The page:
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A New Year Awaits

Fall 2022

Published September 1, 2022

Dear students, staff and faculty,

The beginning of the academic year is a special time for members of our college community, as we welcome new and returning students to campus. As I write this, I am reminded of Muriel Rukeyser’s poem “Elegy in Joy,” which encourages us to “nourish beginnings.” May the beginning of this year inspire us all to seize the many opportunities before us.

I want to give a special welcome to the 625 members of the class of 2026 as well as the 18 transfer students and 16 Ada Comstock Scholars who are new to Smith, along with the 48 new faculty and 42 new staff members who have joined our community; your experiences, skills and perspectives will strengthen us in remarkable ways.

In the year ahead, many events and new initiatives will reflect our commitment to creating the world we want: one that is more just, equitable, sustainable and healthy. Here are some of the highlights we can anticipate this academic year.

Advancing equity
Learning and community engagement are essential parts of Smith’s Toward Racial Justice strategic plan. This year our community will have several opportunities to learn and to engage with others:

The Office for Equity and Inclusion will guide all departmental units in a common process of education, reflection and action planning. As these plans are finalized, they will be published on the website. The Office for Equity and Inclusion will also host a spring summit to hear from those units that have completed action plans.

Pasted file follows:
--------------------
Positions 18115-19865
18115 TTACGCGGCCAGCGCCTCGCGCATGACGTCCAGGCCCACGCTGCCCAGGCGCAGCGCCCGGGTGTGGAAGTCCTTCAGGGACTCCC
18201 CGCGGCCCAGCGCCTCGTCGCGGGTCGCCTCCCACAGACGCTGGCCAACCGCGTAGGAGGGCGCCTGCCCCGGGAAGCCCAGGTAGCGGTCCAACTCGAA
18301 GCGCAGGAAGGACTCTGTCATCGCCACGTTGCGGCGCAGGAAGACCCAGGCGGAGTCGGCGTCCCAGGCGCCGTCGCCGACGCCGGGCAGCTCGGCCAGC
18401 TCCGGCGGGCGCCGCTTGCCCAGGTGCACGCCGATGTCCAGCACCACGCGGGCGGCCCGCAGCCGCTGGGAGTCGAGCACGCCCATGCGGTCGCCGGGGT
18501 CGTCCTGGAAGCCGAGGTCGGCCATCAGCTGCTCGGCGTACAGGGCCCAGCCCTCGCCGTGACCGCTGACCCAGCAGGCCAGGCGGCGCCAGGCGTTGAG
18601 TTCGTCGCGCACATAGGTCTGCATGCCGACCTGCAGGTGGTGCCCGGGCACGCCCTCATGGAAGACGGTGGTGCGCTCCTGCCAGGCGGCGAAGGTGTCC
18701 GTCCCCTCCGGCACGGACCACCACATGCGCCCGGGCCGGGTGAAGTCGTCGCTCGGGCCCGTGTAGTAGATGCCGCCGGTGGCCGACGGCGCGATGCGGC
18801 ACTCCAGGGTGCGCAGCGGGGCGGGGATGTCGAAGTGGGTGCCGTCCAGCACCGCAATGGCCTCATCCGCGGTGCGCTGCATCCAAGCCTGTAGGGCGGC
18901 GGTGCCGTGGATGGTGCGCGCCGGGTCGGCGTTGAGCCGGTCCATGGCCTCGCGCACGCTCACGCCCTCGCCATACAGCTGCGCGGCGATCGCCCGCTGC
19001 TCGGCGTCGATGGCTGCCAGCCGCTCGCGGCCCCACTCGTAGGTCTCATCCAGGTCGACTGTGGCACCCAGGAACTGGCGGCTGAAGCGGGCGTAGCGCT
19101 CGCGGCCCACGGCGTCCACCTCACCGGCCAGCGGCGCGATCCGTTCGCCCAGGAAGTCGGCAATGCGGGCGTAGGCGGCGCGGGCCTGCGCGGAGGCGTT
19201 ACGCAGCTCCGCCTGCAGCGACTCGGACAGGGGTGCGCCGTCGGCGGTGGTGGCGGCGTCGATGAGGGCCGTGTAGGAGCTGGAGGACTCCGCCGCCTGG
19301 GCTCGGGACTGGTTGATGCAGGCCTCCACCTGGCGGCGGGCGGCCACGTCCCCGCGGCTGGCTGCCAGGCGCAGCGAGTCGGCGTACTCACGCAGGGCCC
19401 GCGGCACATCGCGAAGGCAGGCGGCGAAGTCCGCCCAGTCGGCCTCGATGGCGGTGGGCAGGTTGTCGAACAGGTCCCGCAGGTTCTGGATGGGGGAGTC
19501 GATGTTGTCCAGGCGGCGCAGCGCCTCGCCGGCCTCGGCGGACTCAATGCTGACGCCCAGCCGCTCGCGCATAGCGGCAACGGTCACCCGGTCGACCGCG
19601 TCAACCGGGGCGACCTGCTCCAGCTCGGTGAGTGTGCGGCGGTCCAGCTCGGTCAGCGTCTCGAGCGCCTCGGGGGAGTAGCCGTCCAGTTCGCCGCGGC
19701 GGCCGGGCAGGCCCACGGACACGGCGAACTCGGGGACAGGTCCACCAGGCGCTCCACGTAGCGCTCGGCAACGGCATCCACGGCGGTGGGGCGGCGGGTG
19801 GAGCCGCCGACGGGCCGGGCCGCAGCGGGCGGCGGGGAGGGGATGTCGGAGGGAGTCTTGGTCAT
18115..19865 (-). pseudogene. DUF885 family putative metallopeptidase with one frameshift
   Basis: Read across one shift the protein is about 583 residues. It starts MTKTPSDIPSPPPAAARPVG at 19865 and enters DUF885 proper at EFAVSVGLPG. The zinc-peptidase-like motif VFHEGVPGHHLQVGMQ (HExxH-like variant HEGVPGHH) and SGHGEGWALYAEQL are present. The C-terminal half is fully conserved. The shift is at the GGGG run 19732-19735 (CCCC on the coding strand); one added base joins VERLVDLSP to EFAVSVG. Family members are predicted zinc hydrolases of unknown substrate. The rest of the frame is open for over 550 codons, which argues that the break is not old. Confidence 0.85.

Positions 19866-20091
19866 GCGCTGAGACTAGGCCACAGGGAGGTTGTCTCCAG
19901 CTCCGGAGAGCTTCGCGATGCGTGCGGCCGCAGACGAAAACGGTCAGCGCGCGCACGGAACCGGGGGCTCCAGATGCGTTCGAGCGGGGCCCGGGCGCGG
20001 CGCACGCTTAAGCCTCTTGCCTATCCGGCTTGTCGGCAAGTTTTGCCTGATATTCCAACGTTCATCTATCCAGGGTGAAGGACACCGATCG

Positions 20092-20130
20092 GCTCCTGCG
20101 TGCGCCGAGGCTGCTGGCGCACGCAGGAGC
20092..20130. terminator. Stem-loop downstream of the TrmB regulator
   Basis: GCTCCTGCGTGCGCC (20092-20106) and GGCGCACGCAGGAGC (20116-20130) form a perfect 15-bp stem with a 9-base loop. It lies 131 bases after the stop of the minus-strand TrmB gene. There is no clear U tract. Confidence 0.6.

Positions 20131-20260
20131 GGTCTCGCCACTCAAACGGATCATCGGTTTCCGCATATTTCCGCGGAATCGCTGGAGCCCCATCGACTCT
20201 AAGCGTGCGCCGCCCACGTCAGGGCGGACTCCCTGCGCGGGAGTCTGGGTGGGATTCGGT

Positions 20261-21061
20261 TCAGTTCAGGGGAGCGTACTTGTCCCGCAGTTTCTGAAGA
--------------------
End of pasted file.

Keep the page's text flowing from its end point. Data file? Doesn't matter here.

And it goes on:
Three Presidential Colloquia will address equity and inclusion. On September 7, professors Carrie Baker, Alice Hearst and Loretta Ross will explore the implications of the Supreme Court’s decision on Dobbs v. Jackson Women’s Health Organization with respect to gender equity and reproductive justice. On November 10, producer Dana DiCarlo ’88 and director Julie Cohen (who directed RGB and Julia), will join us to discuss their film My Name is Pauli Murray, a documentary about one of our country’s early advocates for social justice and gender and racial equality; this colloquium will be presented in collaboration with the Department of Film and Media Studies. And on March 7, author and journalist Ta-Nehisi Coates will share his perspectives on politics and race. 

Cromwell Day, Smith’s annual opportunity for each of us to reflect on and learn about diversity, racism and inclusion, will be held on November 15. This year’s theme is “The Necessity of Teaching and Learning About Race.” I hope you will participate in events throughout the day; attend the colloquium by our keynote speaker, sociologist and author Crystal Fleming; and share your knowledge and perspectives with the entire community.

Each of these efforts contributes to our ongoing work of achieving racial justice at Smith. The Office of Equity and Inclusion is documenting our progress on all action items on the Toward Racial Justice site.

Stewarding the environment